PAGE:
Open space, like water, is fixed in amount. Unlike water, open space is visibly disappearing at an exponential rate. Once gone, it's gone, unless, of course, the unthinkable happens - parts of burgeoning rural communities and cities are torn down to reclaim it.

While there are many compelling reasons for a community to save open space, its irreplaceability and value added to community life are vital because of the options saved and passed forward to all generations.

Open space, as the nonnegotiable constraint around which a community chooses to develop, places the primacy of development on reciprocal quality of human relationships between people and Nature. A well-designed system of open spaces determines where buildings and the transportation corridors will be located and thus helps to protect local water catchments.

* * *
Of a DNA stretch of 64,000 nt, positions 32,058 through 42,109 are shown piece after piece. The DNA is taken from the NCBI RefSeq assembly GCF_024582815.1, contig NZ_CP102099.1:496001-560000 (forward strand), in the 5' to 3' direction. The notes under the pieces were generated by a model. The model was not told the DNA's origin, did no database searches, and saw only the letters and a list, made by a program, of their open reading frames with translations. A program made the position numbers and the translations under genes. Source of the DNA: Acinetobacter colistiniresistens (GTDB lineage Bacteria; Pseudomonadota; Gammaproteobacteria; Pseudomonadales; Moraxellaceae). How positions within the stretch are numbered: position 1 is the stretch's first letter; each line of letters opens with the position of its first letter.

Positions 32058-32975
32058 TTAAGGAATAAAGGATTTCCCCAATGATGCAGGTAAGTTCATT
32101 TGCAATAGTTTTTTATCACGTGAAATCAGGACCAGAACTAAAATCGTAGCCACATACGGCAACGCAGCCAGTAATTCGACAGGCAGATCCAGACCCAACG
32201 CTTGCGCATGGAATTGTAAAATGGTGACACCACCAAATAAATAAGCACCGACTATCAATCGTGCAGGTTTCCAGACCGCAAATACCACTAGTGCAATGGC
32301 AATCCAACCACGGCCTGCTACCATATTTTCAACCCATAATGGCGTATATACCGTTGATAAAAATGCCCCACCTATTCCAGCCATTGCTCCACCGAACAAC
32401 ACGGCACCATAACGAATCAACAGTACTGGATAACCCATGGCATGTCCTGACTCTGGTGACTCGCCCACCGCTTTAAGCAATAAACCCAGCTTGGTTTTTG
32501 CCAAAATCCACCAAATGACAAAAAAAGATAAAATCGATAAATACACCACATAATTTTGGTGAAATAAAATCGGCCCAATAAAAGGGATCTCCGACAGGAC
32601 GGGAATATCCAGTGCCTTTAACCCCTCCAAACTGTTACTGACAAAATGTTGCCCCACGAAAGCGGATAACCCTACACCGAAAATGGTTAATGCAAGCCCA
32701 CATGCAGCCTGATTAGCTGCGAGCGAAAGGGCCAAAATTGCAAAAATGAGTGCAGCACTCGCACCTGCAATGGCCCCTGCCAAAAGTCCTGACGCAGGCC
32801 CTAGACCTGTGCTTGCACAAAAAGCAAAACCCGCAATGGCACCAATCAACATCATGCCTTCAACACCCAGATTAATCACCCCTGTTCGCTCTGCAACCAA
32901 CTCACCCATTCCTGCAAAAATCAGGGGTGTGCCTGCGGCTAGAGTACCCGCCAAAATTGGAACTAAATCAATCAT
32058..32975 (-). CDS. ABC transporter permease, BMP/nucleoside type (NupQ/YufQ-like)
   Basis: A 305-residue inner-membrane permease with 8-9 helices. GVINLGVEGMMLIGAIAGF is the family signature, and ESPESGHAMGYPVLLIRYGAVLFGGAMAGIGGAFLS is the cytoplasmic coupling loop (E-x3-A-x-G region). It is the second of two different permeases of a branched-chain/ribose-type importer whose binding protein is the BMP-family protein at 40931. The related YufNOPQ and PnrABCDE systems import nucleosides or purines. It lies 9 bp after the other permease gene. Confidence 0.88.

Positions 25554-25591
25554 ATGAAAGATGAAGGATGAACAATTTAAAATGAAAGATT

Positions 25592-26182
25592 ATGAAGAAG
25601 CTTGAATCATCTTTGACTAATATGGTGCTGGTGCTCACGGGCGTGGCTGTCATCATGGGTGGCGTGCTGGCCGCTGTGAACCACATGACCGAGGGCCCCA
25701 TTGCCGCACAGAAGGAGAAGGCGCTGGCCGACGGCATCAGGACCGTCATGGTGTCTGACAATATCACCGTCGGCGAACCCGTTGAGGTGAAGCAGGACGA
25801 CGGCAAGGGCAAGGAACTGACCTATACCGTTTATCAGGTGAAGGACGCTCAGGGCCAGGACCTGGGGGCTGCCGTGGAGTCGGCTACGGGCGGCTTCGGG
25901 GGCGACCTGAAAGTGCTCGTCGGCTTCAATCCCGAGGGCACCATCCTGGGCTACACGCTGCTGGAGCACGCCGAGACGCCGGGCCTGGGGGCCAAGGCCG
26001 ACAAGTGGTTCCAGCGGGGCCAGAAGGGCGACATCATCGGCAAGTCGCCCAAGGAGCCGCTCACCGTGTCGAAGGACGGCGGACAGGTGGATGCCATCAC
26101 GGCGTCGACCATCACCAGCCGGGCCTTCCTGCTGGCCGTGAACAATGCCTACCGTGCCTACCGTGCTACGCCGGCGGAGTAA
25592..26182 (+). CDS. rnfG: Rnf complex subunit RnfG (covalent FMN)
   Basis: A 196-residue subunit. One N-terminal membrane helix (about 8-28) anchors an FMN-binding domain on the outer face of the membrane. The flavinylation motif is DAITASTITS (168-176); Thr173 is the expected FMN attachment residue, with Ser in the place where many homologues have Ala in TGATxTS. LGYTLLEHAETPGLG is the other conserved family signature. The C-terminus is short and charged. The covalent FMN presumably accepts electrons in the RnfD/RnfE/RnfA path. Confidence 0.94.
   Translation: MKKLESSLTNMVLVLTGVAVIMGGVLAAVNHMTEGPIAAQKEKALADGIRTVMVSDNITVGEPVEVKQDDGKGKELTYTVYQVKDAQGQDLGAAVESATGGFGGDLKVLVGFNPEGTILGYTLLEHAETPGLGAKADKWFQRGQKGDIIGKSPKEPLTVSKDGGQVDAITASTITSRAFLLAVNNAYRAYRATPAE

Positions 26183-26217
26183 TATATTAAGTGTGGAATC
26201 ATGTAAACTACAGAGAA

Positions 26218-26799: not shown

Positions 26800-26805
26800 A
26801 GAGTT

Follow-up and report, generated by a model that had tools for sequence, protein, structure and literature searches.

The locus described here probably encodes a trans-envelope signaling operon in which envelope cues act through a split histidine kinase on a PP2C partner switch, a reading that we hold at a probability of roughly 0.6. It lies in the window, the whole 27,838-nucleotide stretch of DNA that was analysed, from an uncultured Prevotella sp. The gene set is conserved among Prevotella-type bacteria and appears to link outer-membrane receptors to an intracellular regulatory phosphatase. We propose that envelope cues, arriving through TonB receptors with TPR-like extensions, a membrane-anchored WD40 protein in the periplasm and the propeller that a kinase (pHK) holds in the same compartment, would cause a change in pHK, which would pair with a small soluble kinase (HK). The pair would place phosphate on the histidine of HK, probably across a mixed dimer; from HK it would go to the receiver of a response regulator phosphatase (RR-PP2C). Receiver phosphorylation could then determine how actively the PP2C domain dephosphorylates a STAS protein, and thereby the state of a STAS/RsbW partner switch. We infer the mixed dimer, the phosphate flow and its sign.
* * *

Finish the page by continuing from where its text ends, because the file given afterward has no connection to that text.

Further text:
Water is a non-substitutable requirement of life and is finite in supply. Its availability throughout the year determines both the quality of life in a community and consequently the value of real estate. It behooves a community, therefore, to take every possible measure to maximize and stabilize the quality and quantity of its local supply of water by purchasing such open space as Witham Oaks expressly for the purpose of storing water in the ground, where it can purify itself as it flows slowly toward the wells, aquifers, streams and rivers it recharges.

Will we, the adult trustees of today, rise to a level of consciousness wherein we choose to bequeath to all generations a variety of healthy landscapes, beautifully highlighted with open spaces?

Chris Maser, Corvallis

 

 

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